Newton da Costa is a Brazilian logician whose best known contributions have been in the realm of nonclassical logics. Da Costa developed paraconsistent logics, that is, logical systems that admit inner contradictions. Da Costa has wide-ranging interests, which go from foundational issues in the philosophy of science to physics (general relativity and quantum theory); besides his development of paraconsistent logics, he introduced the concept of quasi-truth to deal with mutually inconsistent scientific theories. Da Costa has a B. Sc. in civil engineering and a PhD in mathematics. He has visited several major universities (Stanford, Berkeley, Paris VII among others) and published about 200 scientific papers and several books on logic and the foundations of science. In 2009, he became a Professor Emeritus at Unicamp (Campinas, Brazil). Newton da Costa  is a member of the  Institut International de Philosophie, of the International Academy of the Philosophy of Science and of the Brazilian Academy of Philosophy.

Francisco Antonio Doria is a Brazilian physicist. Doria is a Professor Emeritus at the Federal University of Rio de Janeiro, where he currently teaches economic theory at the graduate School of Engineering (UFRJ COPPE). Doria has a B. Sc. in chemical engineering and a PhD in mathematical physics. He has made contributions to the gauge field copy problem in quantum field theory and proved with Newton da Costa several incompleteness theorems in mathematics, physics and mathematical economics, including the undecidability of chaos theory. Doria is a member of the Brazilian Academy of Philosophy, was a Senior Fulbright Scholar at Stanford University, 1989-1990, and a visiting researcher at the mathematics department, University of Rochester.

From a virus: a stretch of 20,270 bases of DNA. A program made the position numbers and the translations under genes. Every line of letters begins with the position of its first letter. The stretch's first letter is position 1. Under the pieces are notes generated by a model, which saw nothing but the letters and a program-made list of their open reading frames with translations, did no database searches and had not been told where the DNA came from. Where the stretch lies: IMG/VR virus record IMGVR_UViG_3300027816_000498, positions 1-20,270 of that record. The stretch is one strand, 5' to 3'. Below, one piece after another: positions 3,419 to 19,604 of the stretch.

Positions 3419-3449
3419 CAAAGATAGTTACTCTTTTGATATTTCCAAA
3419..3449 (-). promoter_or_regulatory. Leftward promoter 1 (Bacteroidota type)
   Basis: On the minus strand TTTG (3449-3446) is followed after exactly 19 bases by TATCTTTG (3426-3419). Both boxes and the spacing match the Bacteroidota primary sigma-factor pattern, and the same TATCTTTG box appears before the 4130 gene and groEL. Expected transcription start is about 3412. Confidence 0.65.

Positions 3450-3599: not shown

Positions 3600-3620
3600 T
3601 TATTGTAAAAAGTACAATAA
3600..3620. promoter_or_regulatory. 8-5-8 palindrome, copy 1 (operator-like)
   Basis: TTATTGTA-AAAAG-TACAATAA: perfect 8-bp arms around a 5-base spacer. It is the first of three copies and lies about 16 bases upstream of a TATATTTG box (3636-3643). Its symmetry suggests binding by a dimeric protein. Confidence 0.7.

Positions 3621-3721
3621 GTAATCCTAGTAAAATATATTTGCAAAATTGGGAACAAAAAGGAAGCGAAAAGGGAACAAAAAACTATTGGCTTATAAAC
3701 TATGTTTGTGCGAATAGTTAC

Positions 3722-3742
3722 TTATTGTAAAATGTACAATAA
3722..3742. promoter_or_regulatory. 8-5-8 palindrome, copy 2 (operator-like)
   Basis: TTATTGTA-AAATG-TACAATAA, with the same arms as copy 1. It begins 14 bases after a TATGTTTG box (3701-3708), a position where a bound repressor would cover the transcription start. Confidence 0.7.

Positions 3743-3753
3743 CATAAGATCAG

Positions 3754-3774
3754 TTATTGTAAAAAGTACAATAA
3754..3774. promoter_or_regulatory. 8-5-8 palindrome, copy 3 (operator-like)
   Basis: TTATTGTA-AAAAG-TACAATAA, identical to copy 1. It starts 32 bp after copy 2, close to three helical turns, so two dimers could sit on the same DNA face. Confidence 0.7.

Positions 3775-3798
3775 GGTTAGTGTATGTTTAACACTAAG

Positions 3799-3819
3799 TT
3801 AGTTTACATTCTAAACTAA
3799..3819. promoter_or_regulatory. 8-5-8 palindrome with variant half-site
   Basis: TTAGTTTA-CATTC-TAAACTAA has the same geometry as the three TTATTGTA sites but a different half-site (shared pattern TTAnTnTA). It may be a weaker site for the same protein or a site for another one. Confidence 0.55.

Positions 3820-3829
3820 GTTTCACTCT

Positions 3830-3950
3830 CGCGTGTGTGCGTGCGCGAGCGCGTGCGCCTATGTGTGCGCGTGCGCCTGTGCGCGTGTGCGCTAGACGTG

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Product Details

  • Paperback: 160 pages
  • Publisher: CRC Press; 1 edition (October 13, 2011)
  • Language: English
  • ISBN-10: 0415690854
  • ISBN-13: 978-0415690850
  • Product Dimensions: 0.2 x 6 x 9 inches
  • Shipping Weight: 8.5 ounces (View shipping rates and policies)
  • Average Customer Review: 3.5 out of 5 stars  See all reviews (4 customer reviews)
  • Amazon Best Sellers Rank: #1,465,394 in Books (See Top 100 in Books)

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Customer Reviews

Most Helpful Customer Reviews

10 of 12 people found the following review helpful By Ben Rothke on December 1, 2011
Format: Paperback
Kurt Gödel is one of the most important personalities that most people have never heard of. He is known for his incompleteness theorems, of which much of mathematical logic of the last 80 years is built on.

Gödel become somewhat of a household word in 1979 with the publication of Gödel, Escher, Bach: An Eternal Golden Braid, which went on to win the 1980 Pulitzer Prize.

With that, Goedel's Way: Exploits into an undecidable world, is a fascinating book. Authors Gregory Chaitin, Newton da Costa and Francisco Antônio Dória cover a huge amount in but 130 pages.

All three of the authors are world-class mathematics and it worth noting that Dória and Da Costa have published papers with conditional proofs of the consistency of the P versus NP problem.